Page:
• Have the documents (for example, the Application Package, additional evidence, defence evidence) with you as you will be required to refer to the documents during the hearing.
  • Connecting to a telephone hearing

    The telephone call for your hearing may come from an “Unknown” or “RTDRS” telephone number. Ensure your telephone will accept the phone call from RTDRS by turning off any call blocking/spam features you may have selected.

    Check the application well before the date of the hearing to make sure that your phone number is listed correctly. If not, update your telephone number for an upcoming hearing by calling 403-297-8550. Leave a message with your case number, full name and telephone number.

    The Tenancy Dispute Officer will tell you what to do if you are disconnected, which is usually to hang up and they will call you back.

  • Hearing process

    • The Tenancy Dispute Officer manages the hearing process and will follow the process outlined in the RTDRS Telephone Hearing tip sheet. However, they may alter the process to suit the case before them.
    • All parties participating in the hearing are expected to conduct themselves in a courteous and respectful manner.
    • Anyone who displays disruptive, disrespectful or threatening behaviour may be required to leave the hearing.
    • The Tenancy Dispute Officer will give verbal reasons for their decision to both parties plus a written order at the end of the hearing.
    • If the matter is more complicated the Tenancy Dispute Officer may decide to reserve their decision. This means that they will contact the parties (in person, by telephone or by mail) within 30 days to give them their decision (verbal or written) and a written order.
  • If you are unable to attend a hearing

    If you do not attend the hearing, the Tenancy Dispute Officer may conduct the hearing without you and an order may be granted in your absence. The order may have serious consequences for you.

    You may choose to have a representative attend the hearing on your behalf. However, the best evidence will come from the people who have first hand information about the events in question.

  • Delayed hearing

    ‘Adjourn’ or ‘adjournment’ is the legal word for delaying the hearing and re-scheduling it to a later date.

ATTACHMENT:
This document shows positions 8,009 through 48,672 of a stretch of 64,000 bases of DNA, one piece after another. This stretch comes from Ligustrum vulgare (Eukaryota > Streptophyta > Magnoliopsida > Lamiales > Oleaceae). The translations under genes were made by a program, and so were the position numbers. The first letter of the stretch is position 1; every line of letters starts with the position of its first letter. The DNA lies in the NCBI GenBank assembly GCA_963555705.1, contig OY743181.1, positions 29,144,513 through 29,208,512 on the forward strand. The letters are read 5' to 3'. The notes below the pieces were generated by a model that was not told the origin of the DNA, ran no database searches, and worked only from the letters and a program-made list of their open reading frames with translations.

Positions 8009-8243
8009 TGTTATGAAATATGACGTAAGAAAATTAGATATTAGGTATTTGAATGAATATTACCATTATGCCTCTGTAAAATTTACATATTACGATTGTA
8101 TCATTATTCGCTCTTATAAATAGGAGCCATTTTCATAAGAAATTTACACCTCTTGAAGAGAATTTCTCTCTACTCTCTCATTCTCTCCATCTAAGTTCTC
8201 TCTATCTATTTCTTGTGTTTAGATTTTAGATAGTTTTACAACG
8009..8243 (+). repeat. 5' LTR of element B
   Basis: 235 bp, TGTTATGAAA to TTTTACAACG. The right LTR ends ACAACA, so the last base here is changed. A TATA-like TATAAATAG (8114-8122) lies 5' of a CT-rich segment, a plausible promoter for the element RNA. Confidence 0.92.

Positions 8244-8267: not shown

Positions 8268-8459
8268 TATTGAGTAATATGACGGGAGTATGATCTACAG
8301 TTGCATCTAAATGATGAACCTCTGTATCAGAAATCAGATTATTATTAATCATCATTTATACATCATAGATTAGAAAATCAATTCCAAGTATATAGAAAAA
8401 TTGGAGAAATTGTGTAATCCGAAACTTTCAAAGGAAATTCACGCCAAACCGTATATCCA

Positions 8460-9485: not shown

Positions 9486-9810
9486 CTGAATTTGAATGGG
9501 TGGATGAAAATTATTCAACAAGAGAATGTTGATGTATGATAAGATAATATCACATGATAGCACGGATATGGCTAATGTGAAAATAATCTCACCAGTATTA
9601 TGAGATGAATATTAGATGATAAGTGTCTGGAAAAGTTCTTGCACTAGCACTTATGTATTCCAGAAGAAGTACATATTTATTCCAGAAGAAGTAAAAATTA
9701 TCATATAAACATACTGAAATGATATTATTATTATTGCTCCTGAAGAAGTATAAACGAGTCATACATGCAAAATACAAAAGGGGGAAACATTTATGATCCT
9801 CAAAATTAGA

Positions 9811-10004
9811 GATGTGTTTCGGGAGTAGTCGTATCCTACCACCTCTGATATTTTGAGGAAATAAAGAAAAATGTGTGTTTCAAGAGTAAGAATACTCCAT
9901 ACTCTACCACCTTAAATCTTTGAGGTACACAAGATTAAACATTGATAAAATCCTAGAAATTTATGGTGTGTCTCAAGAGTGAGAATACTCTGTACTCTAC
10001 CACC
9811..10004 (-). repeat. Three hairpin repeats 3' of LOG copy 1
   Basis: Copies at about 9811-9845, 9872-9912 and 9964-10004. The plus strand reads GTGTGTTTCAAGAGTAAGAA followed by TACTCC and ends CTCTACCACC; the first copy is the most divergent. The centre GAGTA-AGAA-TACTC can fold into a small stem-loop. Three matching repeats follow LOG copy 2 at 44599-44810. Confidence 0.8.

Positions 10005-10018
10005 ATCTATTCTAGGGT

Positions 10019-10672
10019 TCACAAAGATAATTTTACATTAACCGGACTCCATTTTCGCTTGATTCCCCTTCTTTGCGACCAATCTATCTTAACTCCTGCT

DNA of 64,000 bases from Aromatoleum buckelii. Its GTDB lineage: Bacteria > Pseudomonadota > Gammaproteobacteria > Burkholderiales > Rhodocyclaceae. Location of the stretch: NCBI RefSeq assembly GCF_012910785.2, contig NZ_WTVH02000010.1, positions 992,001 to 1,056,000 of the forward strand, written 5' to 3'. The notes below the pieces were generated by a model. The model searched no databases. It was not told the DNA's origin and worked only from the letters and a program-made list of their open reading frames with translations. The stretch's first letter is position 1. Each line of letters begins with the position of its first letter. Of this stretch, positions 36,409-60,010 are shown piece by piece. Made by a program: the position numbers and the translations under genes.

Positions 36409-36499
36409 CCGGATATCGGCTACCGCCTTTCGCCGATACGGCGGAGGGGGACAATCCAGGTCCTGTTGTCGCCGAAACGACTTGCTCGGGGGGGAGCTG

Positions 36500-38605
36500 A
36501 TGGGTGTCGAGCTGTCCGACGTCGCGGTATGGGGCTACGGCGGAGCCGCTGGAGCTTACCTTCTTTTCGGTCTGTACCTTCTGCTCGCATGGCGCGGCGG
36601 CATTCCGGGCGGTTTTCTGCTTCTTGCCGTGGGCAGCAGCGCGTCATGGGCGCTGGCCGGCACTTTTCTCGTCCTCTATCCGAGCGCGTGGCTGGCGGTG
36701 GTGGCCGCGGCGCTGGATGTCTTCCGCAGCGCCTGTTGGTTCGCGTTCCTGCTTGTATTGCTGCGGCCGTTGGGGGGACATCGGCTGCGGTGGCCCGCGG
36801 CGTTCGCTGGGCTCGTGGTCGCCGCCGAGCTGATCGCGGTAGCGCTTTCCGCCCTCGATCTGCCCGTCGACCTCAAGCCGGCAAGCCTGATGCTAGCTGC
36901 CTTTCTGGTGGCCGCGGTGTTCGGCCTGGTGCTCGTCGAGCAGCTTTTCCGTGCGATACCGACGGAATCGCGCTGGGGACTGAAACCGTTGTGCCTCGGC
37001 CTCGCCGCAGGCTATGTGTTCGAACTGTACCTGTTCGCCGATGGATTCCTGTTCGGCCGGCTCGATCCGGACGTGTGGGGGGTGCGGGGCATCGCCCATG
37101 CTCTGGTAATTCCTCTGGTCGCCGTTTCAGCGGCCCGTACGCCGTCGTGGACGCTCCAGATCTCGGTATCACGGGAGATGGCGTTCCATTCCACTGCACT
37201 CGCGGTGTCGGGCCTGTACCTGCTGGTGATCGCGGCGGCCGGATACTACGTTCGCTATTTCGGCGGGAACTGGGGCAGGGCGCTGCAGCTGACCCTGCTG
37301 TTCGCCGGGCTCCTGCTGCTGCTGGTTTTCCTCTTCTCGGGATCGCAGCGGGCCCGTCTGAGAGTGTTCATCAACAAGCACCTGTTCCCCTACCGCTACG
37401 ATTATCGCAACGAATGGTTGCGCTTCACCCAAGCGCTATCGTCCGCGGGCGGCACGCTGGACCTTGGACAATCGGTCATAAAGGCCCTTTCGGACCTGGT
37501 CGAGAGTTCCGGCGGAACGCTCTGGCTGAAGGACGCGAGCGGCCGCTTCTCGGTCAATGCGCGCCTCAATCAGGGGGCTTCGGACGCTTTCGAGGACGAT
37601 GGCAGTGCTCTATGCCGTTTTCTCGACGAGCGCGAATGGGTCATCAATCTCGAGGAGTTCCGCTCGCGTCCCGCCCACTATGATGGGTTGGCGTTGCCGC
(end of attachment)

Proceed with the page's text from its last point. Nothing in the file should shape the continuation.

A hearing may be re-scheduled if the Application Package has not been served on the respondent or if all parties consent to the re-scheduling of the matter. The applicant must advise RTDRS of the need for an adjournment in writing, by fax or email prior to the hearing date and time set out in the Notice of Hearing form.

    If the Application Package has not been served

    If the original Application Package has not been served on the respondent, RTDRS will change the date and time of the hearing and the applicant will serve the respondent with the new Application Package.

    If both parties agree to re-schedule the hearing and RTDRS has been advised:

    the applicant has 10 business days from the date of the original hearing to set a new hearing date and time with the RTDRS or the file will be closed
    the applicant does not have to re-serve a copy of the new date on the respondent if both parties agree to the re-scheduled time

    If both parties cannot agree on the new date and time the applicant must serve the respondent with a copy of the new Notice of Hearing form.

    If a party is unable to attend

    If a party requests that a hearing be adjourned because they are unable to attend and the opposing party does not consent to the adjournment the hearing will commence at the scheduled time. The person who is unable to attend should send someone on their behalf or appear via teleconference to request an adjournment.

    At the discretion of the Tenancy Dispute Officer a party may make a request for an adjournment in writing for consideration. The Tenancy Dispute Officer will then consider the request to adjourn the matter to a later date. If an adjournment is granted, the Tenancy Dispute Officer will set a new date and time for the hearing to commence.

    The Tenancy Dispute Officer may also adjourn the hearing to meet a requirement of fairness. For example, if the Application Package was not served properly, the Tenancy Dispute Officer may adjourn the hearing. For more information on the adjournment process, please refer to the RTDRS Rules of Practice and Procedure.